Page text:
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David Berube – Hazard Communication | GES Colloquium
September 28, 2021 @ 12:00 pm - 1:00 pm EDT
Dr. David M. Berube, Professor of Science & Technology Communication, NC State
Hazard Communication refers to communication to a limited group of stakeholders and involves three variables: hazard data, dosage data, and exposure data.
This presentation tries to separate data sets associated with Hazard Communication from those associated with Risk Communication. Since Risk Communication is a social construct, it involves public understanding of science while Hazard Communication generally does not. Hazard Communication occurs between field experts while Risk Communication include experts and inexperts. Experts share biases with the public in some cases but not in others. For example, innumeracy and probability neglect tends to be associated with inexpert audiences. This paper will be presented to the National Toxicology Program for which I serve as a member of their Board of Scientific Counselors.
- Dror, I. E. (2020). Cognitive and Human Factors in Expert Decision Making: Six Fallacies and the Eight Sources of Bias. Anal. Chem. 92. 7998-8004
- Howard, J. (2019). Cognitive Errors and Diagnostic Mistakes: A Case-Based Guide to Critical Thinking in Medicine. Basel, Switzerland: Springer International Publishing AG.
Dr. David M. Berube (NYU 1990) is a Research Professor and a GES Fellow at North Carolina State University (NCSU) in science/technology communication. He teaches graduate seminars in risk, fear, disaster, and climate change science communication. He received over $20 million in grants over the last two decades studying science communication, especially intuitive toxicology. He wrote Nano-Hype (2006), edited another on Pandemic Communication and Resilience and is writing a book on Lessons We Should Have Learned from Zika. He is the director of the Public Communication of Science & Technology project and social science director of the Research Triangle Nanotechnology Network involving NCSU, Duke and UNC. He authored some White Papers on social media and risk. He is a member of the Society of Toxicology and Special Government Employee for the Board of Scientific Counselors for the National Toxicology Program.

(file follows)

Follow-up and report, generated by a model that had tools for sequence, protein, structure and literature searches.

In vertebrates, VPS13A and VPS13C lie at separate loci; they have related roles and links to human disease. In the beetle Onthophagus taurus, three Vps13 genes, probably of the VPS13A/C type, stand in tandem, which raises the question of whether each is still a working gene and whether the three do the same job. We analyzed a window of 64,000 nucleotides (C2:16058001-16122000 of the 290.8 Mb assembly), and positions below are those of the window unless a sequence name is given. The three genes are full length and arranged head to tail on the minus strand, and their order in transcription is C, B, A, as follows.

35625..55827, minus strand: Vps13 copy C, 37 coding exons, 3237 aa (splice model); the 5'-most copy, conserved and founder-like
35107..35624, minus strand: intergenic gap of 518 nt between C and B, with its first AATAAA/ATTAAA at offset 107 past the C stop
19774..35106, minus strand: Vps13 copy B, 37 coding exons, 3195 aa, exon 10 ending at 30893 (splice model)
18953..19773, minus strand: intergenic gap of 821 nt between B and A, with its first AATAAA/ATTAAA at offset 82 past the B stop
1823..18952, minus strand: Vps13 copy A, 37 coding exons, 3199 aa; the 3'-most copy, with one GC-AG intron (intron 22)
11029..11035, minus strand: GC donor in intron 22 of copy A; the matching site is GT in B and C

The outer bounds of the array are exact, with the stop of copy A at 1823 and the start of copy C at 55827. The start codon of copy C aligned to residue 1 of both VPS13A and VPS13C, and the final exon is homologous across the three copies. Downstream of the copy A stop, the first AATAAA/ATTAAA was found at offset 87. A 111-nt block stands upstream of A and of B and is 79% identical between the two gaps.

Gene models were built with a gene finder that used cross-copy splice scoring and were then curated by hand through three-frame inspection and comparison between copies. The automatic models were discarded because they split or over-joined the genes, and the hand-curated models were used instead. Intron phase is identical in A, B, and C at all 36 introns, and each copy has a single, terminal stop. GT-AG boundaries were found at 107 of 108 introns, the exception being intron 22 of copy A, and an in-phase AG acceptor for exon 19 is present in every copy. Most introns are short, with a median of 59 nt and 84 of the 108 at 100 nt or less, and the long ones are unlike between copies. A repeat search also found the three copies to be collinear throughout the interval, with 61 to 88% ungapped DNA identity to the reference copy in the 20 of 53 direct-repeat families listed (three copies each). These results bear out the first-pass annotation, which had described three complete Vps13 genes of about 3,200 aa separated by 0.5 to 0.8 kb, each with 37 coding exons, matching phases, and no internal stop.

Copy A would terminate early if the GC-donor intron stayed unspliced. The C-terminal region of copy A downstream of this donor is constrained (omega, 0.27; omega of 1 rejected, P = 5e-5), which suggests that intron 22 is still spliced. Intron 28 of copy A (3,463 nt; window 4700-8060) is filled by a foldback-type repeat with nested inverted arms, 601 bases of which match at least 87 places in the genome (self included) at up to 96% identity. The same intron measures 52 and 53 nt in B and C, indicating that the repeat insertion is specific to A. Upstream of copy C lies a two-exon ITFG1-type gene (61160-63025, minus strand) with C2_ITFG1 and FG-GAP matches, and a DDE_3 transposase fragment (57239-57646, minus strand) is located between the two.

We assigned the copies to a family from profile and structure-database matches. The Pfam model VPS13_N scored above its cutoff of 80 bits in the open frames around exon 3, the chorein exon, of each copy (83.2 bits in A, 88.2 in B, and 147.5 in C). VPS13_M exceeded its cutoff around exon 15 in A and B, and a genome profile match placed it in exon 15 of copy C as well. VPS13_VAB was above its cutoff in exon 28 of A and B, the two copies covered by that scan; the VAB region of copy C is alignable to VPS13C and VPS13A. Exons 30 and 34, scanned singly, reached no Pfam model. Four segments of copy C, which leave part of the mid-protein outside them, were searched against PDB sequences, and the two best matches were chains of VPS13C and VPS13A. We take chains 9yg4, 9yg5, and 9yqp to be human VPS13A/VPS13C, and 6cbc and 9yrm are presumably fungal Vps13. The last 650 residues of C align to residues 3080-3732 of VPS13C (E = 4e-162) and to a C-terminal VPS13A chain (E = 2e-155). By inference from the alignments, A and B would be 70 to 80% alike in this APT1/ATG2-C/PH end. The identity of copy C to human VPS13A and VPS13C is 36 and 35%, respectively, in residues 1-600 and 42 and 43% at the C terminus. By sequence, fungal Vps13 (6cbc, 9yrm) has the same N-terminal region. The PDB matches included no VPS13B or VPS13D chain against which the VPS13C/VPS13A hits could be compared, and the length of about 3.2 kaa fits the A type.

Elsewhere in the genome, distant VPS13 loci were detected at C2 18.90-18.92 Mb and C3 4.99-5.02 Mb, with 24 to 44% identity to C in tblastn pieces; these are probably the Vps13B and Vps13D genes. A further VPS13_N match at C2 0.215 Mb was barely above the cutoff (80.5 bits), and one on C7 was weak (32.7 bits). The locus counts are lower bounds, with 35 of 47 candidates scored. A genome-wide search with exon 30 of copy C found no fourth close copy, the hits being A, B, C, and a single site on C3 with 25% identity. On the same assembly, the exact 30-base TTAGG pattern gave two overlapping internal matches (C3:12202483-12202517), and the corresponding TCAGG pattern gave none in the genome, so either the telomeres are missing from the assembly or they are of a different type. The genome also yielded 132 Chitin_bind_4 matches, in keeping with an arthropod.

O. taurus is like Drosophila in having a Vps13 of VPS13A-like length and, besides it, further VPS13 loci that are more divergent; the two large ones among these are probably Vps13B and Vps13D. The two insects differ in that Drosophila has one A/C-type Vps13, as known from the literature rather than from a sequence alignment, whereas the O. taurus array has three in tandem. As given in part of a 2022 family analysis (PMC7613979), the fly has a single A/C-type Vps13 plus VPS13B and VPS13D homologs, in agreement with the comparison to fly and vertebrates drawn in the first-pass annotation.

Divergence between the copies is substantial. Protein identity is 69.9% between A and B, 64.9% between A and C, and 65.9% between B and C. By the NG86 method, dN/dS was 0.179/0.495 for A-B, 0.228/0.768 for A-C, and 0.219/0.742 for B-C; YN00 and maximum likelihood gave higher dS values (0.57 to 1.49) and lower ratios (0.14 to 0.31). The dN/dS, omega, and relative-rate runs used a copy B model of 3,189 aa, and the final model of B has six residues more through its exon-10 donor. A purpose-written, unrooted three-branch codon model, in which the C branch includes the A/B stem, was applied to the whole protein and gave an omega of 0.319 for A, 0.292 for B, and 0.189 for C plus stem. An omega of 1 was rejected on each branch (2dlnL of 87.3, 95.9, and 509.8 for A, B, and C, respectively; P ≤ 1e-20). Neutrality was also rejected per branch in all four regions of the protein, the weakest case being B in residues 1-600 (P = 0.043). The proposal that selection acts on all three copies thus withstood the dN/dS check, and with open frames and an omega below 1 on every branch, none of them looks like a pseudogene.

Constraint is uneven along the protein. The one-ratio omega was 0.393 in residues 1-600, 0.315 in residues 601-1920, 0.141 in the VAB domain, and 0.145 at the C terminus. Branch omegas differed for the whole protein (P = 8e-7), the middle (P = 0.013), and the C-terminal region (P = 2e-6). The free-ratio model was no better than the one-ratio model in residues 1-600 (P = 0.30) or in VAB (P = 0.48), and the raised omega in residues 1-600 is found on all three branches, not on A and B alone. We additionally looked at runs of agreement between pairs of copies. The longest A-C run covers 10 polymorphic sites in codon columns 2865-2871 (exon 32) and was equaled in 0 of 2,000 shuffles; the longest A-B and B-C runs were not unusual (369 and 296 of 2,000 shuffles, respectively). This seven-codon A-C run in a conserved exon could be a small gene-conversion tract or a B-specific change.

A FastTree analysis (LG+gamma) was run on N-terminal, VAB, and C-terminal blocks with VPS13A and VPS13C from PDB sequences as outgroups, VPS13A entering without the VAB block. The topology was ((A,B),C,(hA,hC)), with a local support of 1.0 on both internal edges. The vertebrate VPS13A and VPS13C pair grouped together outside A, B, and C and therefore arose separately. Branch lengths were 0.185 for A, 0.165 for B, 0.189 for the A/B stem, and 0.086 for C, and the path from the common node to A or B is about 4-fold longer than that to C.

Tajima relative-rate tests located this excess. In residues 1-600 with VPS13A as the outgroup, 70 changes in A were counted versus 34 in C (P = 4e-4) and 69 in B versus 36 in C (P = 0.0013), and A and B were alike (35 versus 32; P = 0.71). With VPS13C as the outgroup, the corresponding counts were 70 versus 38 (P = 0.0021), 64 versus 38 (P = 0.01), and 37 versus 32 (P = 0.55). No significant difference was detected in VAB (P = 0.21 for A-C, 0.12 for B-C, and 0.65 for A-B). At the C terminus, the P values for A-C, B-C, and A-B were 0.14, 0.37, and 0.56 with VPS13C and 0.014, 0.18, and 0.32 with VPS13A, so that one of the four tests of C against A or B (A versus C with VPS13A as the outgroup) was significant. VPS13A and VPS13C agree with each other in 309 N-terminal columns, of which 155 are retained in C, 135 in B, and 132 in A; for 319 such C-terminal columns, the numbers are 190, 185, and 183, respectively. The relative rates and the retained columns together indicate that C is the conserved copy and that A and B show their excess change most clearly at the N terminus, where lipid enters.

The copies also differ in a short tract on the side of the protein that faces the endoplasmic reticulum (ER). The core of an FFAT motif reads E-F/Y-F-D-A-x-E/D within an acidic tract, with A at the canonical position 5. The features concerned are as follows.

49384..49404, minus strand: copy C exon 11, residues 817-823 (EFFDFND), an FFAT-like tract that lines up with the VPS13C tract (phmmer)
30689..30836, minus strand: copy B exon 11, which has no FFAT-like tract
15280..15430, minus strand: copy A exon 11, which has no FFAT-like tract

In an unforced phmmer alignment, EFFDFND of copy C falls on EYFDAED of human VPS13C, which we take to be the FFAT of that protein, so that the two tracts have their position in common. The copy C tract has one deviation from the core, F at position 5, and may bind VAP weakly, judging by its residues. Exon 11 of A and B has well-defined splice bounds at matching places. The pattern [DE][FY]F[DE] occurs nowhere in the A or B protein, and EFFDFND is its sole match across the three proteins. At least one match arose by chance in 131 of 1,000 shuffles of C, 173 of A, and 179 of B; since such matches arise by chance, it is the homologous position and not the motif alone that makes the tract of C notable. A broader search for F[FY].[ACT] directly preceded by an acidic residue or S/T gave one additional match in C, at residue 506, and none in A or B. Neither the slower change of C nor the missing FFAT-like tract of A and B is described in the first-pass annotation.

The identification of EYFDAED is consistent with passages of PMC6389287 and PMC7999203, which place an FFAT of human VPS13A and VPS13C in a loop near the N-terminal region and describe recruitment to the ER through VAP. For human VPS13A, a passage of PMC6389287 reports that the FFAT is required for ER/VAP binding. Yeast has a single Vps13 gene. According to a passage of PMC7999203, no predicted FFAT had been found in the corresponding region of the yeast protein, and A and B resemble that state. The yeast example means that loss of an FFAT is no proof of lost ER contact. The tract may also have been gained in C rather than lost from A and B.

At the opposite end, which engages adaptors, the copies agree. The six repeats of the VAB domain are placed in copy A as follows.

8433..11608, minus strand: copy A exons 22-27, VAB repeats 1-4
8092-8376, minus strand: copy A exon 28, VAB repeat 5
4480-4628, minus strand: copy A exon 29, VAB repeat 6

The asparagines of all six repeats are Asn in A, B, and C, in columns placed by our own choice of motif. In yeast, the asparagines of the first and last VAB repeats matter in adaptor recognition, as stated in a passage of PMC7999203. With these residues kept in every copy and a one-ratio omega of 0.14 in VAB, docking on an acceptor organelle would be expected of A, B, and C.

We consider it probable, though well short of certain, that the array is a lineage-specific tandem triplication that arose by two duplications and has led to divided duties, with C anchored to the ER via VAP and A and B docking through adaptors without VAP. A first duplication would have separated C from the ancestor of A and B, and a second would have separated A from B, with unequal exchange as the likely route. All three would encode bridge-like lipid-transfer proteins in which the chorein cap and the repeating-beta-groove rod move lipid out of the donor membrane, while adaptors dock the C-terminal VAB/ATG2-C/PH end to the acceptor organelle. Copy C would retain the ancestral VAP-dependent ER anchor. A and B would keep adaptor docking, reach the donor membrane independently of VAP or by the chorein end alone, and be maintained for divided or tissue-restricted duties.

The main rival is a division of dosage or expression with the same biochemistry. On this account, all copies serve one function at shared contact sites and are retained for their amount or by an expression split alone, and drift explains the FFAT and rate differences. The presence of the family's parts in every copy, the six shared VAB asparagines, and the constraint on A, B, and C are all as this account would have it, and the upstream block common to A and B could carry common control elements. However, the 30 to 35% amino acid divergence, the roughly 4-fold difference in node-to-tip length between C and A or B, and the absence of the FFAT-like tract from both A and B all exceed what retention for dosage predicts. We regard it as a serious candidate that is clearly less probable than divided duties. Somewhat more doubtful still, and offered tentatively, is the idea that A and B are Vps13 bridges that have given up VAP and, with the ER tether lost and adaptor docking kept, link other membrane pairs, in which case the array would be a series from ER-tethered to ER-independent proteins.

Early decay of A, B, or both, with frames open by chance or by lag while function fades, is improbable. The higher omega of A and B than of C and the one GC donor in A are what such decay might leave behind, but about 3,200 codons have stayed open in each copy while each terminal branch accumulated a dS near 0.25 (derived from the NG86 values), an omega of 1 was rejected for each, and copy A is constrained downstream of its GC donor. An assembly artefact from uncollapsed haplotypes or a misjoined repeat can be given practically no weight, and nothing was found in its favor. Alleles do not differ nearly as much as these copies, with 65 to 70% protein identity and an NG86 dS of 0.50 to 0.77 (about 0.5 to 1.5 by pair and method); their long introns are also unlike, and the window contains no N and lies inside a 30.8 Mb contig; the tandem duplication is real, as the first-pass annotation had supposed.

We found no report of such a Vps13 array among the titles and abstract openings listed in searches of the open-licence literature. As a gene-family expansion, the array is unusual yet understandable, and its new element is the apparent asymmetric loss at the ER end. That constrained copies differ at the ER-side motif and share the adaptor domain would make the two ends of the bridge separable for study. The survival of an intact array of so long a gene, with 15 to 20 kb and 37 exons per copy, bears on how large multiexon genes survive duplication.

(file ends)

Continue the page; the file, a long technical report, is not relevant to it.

GES Colloquium is jointly taught by Drs. Dawn Rodriguez-Ward and Jen Baltzegar, who you may contact with any class-specific questions. As conditions allow, colloquium will be held in-person in Poe 202, as well as live-streamed via Zoom. Please subscribe to the GES newsletter for updates (links above).